The Carlyle Group isn’t the only market player seeing opportunity in adversity. In a move that might seem counterintuitive, in light of conditions in the European CLO market, 3i Debt Management is buying the majority of Invesco’s CLO business in the region.

The sale includes the management contracts for seven of Invesco’s eight European CLOs, vehicles with roughly €2 billion in assets primarily invested in subinvestment-grade debt issued by European companies. The terms of the agreement were not disclosed.

The transaction increases 3iDM’s assets under management to €6 billion and builds on the company’s strategy to grow its business in both Europe and North America, the firm said in a statement.

“This transaction ensures we are well-placed to capitalise on future opportunities,” Jeremy Ghose, managing partner and 3iDM CEO, said in the statement. “We continue our search for a U.S. platform in line with our strategy of playing a leading part in the consolidation of the debt market.”

Ghose was not available to discuss the firm’s strategy further by press time.

For its part, Invesco said the proceeds of the sale will be used to support its new issue CLO business in the U.S. and non-CLO loan funds in Europe.

“We strongly believe that we have greater and more immediate opportunities for CLOs in the U.S. marketplace,” Greg Stoeckle, head of Invesco’s bank loan business, said in a statement. “Post transaction we will continue to manage 16 CLOs totaling $5.3 billion in assets under management.”

The U.S. CLO market has been on a tear so far this year. Year-to-date volume now stands at roughly $14 billion, according to RBS, (see chart below) compared to roughly $12.6 in all of 2011. Though we very well could see a slowdown, as we did last year, as U.S. markets are once again affected by news out of Europe.

Meanwhile, the European CLO market has had no new issuance since the financial crisis and expects none anytime soon, due to intense regulation and unfavorable macro-economic conditions. Indeed, European issuers have been coming to U.S. investors in large numbers, borrowing $14.43 billion in the U.S. leveraged loan market so far this year, compared to $11.23 billion for all of 2011, according to Thomson Reuters LPC.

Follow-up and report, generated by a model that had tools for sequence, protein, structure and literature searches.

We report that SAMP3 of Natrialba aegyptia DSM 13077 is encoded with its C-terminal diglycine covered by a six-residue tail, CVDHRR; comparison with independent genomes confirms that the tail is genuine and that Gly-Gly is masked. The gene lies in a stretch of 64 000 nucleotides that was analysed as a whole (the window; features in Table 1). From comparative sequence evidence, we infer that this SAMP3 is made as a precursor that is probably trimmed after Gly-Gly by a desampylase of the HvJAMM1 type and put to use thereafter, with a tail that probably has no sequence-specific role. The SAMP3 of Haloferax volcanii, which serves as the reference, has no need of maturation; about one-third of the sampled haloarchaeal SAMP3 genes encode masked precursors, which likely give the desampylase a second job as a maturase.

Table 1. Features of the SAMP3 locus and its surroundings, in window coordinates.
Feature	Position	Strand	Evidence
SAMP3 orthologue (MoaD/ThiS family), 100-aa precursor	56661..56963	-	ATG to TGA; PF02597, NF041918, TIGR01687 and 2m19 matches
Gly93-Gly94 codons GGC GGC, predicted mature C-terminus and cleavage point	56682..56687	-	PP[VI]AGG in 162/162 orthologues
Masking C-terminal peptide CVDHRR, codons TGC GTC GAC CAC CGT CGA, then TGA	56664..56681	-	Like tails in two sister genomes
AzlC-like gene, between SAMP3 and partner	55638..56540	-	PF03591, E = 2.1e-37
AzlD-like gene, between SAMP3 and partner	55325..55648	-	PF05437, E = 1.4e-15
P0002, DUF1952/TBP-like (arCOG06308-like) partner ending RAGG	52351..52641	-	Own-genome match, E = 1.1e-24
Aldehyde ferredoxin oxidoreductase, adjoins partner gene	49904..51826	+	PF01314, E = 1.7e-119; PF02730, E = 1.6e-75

All that said, 3iDM is not alone in its acquisition strategy. In February, Carlyle bought the management contracts of four European CLOs with total assets of €2.1 billion, from Highland Capital Management for an undisclosed sum.

The deal brought Carlyle’s CLO assets under management to $16 billion, $10.5 billion of which the firm had added since August 2010, through the acquisition of funds or management contracts from Highland, Stanfield, Mizuho, Foothill and Churchill and through the launch of a $507 million CLO of its own in 2011.

Since then, the firm has printed a $510 million CLO, dubbed Carlyle Global Market Strategies CLO 2012-1, and it has reportedly been on the market with its second deal of the year, the $513.35 Carlyle Global Market Strategies CLO 2012-2. Pricing on that transaction was expected on Friday, June 1, after Leveraged Finance News headed to press.

But the Highland deal marked Carlyle’s first CLO purchase in Europe. At the time of the acquisition, the firm declined to discuss its strategy further with Leveraged Finance News.

Highland opted to sell the four CLOs because it did not have the economy of scale to make the European structured finance business attractive in the current environment, according to a person familiar with the situation.

Highland retained its U.S. CLO assets, which, along with the firm’s other strategies, total $20 billion. In a statement similar to Invesco’s, president and co-founder James Dondero said the firm intends to continue growing its U.S. CLO business while looking at other kinds of investment opportunities in Europe and in emerging markets.

Invesco’s bank loan team employs 29 professionals in New York, Chicago and London, and that will not change, the firm’s release said. Invesco will retain $14.5 billion of bank loan assets split fairly evenly between floating-rate mutual funds, CLOs and institutional loan funds.

3i Debt Management has a team of 30 people based in London. Following the acquisition, it will manage a total of 17 funds across CLOs, private-equity fund of funds, mezzanine, and managed accounts, as well as the credit-opportunity fund Palace Street I. 

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